How to Create a Workflow in PowerPoint

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PowerPoint 2013 is an ideal tool for creating a quick workflow diagram. Include the diagram as part of a presentation or export it as a PDF or image to share with new employees.

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Step 1

Insert a blank slide in any presentation.
Image Credit: Screenshot courtesy of Microsoft.

Add a new blank slide in any PowerPoint presentation by clicking the Home tab and selecting New Slide. Click the Blank icon that doesn't include any text boxes.

Step 2

The shapes we'll be using in this workflow example.
Image Credit: Screenshot courtesy of Microsoft.

Click the Insert tab and then the Shapes icon. Select a shape to signify one stage of the workflow. In this example, we'll choose a rounded rectangle for each stage. After selecting the shape, drag the cursor over the blank slide to draw it.

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Step 3

Adjust the colors and select Edit Text.
Image Credit: Screenshot courtesy of Microsoft.

Resize the shape by dragging any corner handle. To change the Style, Fill or Outline, right-click the shape or click the Drawing Tools' Format tab. When you have finished creating the shape, right-click it and select Edit Text. Type a couple of words to describe the first stage in the workflow.

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Step 4

Most font options are available by right-clicking.
Image Credit: Screenshot courtesy of Microsoft.

Highlight the text and then right-click it to change the Font, Font Size and Alignment. These font options are also available in the ribbon when you click the Home tab.

Step 5

Guide lines appear when moving shapes.
Image Credit: Screenshot courtesy of Microsoft.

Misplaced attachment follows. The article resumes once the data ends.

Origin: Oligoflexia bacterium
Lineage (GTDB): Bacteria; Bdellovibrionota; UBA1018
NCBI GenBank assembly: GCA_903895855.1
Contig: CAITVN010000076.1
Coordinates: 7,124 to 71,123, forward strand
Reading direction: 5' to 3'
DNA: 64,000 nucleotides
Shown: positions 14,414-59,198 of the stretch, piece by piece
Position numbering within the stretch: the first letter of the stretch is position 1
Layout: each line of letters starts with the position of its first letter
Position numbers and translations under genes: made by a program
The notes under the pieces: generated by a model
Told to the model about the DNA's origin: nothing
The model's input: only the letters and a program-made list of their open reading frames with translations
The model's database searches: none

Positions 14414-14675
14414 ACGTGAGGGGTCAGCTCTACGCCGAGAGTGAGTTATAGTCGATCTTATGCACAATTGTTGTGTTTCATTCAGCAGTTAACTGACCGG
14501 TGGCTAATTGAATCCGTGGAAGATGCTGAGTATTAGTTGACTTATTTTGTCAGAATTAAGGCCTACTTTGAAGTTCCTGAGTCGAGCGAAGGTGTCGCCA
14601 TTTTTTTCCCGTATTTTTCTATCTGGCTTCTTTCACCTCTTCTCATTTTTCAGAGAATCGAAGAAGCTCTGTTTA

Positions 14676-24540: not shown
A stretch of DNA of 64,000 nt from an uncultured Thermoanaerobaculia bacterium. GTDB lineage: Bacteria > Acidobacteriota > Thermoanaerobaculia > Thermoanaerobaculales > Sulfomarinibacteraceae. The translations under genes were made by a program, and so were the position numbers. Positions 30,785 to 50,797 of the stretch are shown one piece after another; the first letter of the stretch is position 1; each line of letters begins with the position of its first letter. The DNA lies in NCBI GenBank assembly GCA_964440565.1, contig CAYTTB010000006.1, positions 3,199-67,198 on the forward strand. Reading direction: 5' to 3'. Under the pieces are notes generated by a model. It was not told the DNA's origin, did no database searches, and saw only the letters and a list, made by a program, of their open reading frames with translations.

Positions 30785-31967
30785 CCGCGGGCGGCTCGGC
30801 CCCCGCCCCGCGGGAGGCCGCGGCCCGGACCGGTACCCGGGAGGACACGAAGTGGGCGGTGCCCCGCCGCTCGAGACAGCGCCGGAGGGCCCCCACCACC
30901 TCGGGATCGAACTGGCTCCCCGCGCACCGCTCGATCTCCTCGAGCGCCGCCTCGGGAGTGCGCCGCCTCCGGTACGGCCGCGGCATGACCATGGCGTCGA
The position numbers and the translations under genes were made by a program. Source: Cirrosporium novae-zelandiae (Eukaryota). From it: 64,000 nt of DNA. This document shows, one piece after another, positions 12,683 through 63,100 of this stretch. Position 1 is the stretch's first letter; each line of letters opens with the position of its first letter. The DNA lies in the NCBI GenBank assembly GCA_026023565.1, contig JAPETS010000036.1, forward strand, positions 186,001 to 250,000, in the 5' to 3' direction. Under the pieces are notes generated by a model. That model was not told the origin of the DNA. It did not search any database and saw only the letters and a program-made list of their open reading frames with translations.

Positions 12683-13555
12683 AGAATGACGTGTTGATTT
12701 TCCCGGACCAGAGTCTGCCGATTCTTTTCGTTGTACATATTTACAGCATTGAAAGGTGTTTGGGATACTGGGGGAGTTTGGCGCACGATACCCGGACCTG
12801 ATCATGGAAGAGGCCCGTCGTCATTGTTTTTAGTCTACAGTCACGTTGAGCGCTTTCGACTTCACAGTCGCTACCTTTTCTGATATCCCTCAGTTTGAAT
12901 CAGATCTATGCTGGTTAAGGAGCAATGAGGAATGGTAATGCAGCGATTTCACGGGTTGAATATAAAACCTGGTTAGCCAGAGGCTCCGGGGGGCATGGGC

Add a second stage to the workflow by inserting another shape. You can use different shapes or different colors for different stages, or different colors. If the second stage is going to look the same as the first, just copy and paste. Right-click the first shape, press Ctrl-C and then Ctrl-V to paste a duplicate. You can then change the text as needed. As you drag shapes on the slide, guide lines appear to help ensure they are positioned evenly.

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Step 6

Here, different colors indicate different teams.
Image Credit: Screenshot courtesy of Microsoft.

Create as many shapes as you need and arrange them on the slide. The workflow doesn't always have to be straight up and down or left to right. In this example we have nine stages in the workflow, in three phases. The first and third phase are blue, performed by the sales team. The middle three are gray, performed by the painting crew. Note that the second phase flows right to left so that the workflow can wind across the slide and will make sense once the arrows are in place.

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Step 7

Rotate and flip arrows as needed.
Image Credit: Screenshot courtesy of Microsoft.

Select the Insert tab and then choose an arrow from the Shapes menu. You'll notice that the bent arrows and the U-Turn arrow aren't available pointing in all directions. To change an arrow's direction, use the round Rotate icon to turn the shape. To flip an arrow to point in the opposite direction, drag any resizing Anchor all the way across the shape to the opposite side.

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Tip

As an alternative to arrows, you can also use Connector Lines from the Shapes menu, which can literally connect to shapes. When you move shapes around, the Connector Lines are automatically resized.

Step 8

The finished workflow illustration.
Image Credit: Screenshot courtesy of Microsoft.

Add as many arrows as needed for the flow chart. Many flow charts have an arrow pointing from every stage to the next. In the example above, we can achieve a sense of flow that's both logical and intuitive with only four arrows.

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Step 9

Image Credit: Screenshot courtesy of Microsoft.

Save your completed file so you can edit it later if needed. To save a copy as a PDF, PNG or JPG file, click the File menu and select Export. The first export option allows you to create a PDF file, while clicking Change File Type gives you options for saving it as a PNG or JPG image file.

Tip

When working with a lot of shapes, it's often helpful to manage them using the Selection Pane

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